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The Maine Wire has also attempted to play up the political nature of the purchase of the Maine newspaper group. The conservative site covered the purchase of the Maine newspaper group, highlighting the nonprofits’ pre-existing Soros connection and complaining that the papers did not cover an inquiry into whether a state lawmaker was dishonest in financial records.

“The Maine Wire is supported by thousands of Mainers, including Mr. Leo, because they see value in robust investigative reporting into the activities of state and local government,” Maine Wire editor in chief Steven Robinson told Semafor. “Our work speaks for itself.”

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Max’s view

Maine isn’t a particular target for national politics — simply a microcosm of the broader forces at work in the troubled American local news network. It’s also a microcosm of the deep asymmetry of American news, between a center-left Establishment trying to keep the journalistic lights on and a right-wing media more explicitly focused on politics.

The National Trust’s purchase of the Maine newspapers represent an attempt to preserve existing local news outlets that cover local stories and public figures across the political spectrum. The Leo-backed Maine Wire is a smaller-scale, much more overtly political effort to put a conservative spin on local news in Maine.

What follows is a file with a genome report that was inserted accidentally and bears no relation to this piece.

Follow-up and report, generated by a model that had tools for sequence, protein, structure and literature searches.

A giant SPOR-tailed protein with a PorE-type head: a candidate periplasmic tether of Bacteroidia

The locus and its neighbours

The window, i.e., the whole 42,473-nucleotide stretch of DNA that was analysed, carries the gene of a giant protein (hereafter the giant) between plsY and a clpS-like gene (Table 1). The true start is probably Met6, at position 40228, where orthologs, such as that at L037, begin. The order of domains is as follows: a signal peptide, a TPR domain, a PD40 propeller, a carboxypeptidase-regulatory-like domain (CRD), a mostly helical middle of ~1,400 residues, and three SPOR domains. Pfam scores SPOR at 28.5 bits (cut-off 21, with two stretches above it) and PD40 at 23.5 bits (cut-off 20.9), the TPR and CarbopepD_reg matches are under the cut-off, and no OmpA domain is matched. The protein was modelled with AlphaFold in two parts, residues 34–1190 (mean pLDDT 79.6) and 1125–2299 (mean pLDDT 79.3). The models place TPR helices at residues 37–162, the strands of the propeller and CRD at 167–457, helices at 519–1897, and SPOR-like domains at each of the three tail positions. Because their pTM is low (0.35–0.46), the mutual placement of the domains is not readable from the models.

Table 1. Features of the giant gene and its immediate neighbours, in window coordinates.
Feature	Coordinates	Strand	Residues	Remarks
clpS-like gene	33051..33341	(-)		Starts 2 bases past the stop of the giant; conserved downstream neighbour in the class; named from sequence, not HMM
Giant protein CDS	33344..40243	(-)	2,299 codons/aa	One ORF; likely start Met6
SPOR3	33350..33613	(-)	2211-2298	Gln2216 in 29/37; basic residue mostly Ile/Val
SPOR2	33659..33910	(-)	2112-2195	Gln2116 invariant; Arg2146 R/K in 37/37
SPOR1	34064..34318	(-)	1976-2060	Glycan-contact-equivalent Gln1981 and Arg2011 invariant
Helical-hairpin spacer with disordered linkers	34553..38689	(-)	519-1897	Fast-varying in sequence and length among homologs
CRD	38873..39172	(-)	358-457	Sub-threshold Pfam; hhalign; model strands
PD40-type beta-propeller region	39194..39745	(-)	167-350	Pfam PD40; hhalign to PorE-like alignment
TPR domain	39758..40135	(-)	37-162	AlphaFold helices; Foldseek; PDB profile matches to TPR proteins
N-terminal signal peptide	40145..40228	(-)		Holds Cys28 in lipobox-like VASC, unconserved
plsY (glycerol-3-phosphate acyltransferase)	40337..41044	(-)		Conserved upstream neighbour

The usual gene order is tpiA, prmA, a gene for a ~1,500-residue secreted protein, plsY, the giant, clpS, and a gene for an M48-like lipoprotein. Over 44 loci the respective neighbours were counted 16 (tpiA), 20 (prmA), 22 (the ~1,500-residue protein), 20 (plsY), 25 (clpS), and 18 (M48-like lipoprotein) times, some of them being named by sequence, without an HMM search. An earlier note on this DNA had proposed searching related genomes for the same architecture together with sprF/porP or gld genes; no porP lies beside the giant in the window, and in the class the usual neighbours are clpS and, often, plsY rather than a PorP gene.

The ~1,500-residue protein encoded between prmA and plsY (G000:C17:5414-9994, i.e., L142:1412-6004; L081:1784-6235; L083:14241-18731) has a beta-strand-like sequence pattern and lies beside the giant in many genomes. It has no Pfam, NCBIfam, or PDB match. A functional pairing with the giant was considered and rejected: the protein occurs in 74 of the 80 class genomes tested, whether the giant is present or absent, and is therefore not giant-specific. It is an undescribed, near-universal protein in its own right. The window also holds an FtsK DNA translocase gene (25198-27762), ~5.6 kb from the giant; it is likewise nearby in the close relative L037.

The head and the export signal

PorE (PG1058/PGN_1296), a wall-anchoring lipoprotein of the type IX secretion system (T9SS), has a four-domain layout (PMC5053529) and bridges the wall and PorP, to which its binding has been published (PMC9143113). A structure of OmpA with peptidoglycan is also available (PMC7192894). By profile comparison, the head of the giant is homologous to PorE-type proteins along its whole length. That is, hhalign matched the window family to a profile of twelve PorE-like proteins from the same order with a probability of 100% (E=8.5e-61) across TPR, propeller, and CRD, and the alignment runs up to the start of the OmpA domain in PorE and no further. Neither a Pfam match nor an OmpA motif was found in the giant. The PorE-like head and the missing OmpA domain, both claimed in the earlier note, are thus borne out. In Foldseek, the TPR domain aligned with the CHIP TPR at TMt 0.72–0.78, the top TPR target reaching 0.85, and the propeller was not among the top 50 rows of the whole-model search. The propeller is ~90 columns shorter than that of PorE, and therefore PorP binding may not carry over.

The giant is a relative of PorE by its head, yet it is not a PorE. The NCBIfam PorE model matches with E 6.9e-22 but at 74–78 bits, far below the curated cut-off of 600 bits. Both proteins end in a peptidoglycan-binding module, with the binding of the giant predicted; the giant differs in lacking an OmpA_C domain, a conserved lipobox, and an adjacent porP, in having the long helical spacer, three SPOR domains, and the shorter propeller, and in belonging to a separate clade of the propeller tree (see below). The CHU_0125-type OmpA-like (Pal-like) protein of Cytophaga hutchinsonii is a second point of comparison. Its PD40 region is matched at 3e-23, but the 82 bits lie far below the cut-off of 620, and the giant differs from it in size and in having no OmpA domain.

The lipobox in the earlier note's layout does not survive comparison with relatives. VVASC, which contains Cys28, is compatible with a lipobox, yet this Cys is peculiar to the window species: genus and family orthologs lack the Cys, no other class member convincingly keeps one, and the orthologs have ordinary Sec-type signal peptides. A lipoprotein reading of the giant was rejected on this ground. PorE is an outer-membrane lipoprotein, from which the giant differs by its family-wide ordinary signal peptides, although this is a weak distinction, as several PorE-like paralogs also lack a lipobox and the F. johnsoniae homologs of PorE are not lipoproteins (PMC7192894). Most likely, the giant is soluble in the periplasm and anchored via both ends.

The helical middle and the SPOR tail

It’s impossible to argue against saving local newspapers. But at a time when trust in the news media is at a low, the secrecy around the National Trust’s funding raises questions about the sustainability of a nonprofit model that often depends on relatively few big donors.

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Room for Disagreement

“I think the person who writes the checks is ultimately less important than the quality of the news provided,” Michael Socolow, a media historian and journalism professor at the University of Maine, said in an email to Semafor. “Look at the Wall Street Journal: It’s owned by Rupert Murdoch yet its journalists were awarded the Pulitzer Prize in 2019 for revealing Donald Trump’s hush-money payments to Stormy Daniels during the 2016 campaign.”

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Notable

  • As Semafor first reported last month, the nonprofit Texas Tribune was forced to make major cuts amid a decline in corporate sponsorship revenue, which typically comes from marketing or government affairs budgets. In an email earlier this year to supporters titled “Huge decline in giving,” the newly nonprofit publication the Intercept acknowledged that it had been impacted by a drop in charitable donations over the past year. Multiple nonprofit news insiders have told Semafor over the past several months that the increase in news nonprofits has outpaced giving to these organizations, and has in some cases created competition for a small pool of funds.
  • A single, $1.6 billion contribution to groups controlled by Leo represents an “extraordinary sum that could give Republicans and their causes a huge financial boost ahead of the midterms, and for years to come,” The New York Times reported.
  • Wyss sought to buy Tribune Publishing, and has channeled vast sums “through a daisy chain of opaque organizations that mask the ultimate recipients of his money,” the Times’s Ken Vogel wrote.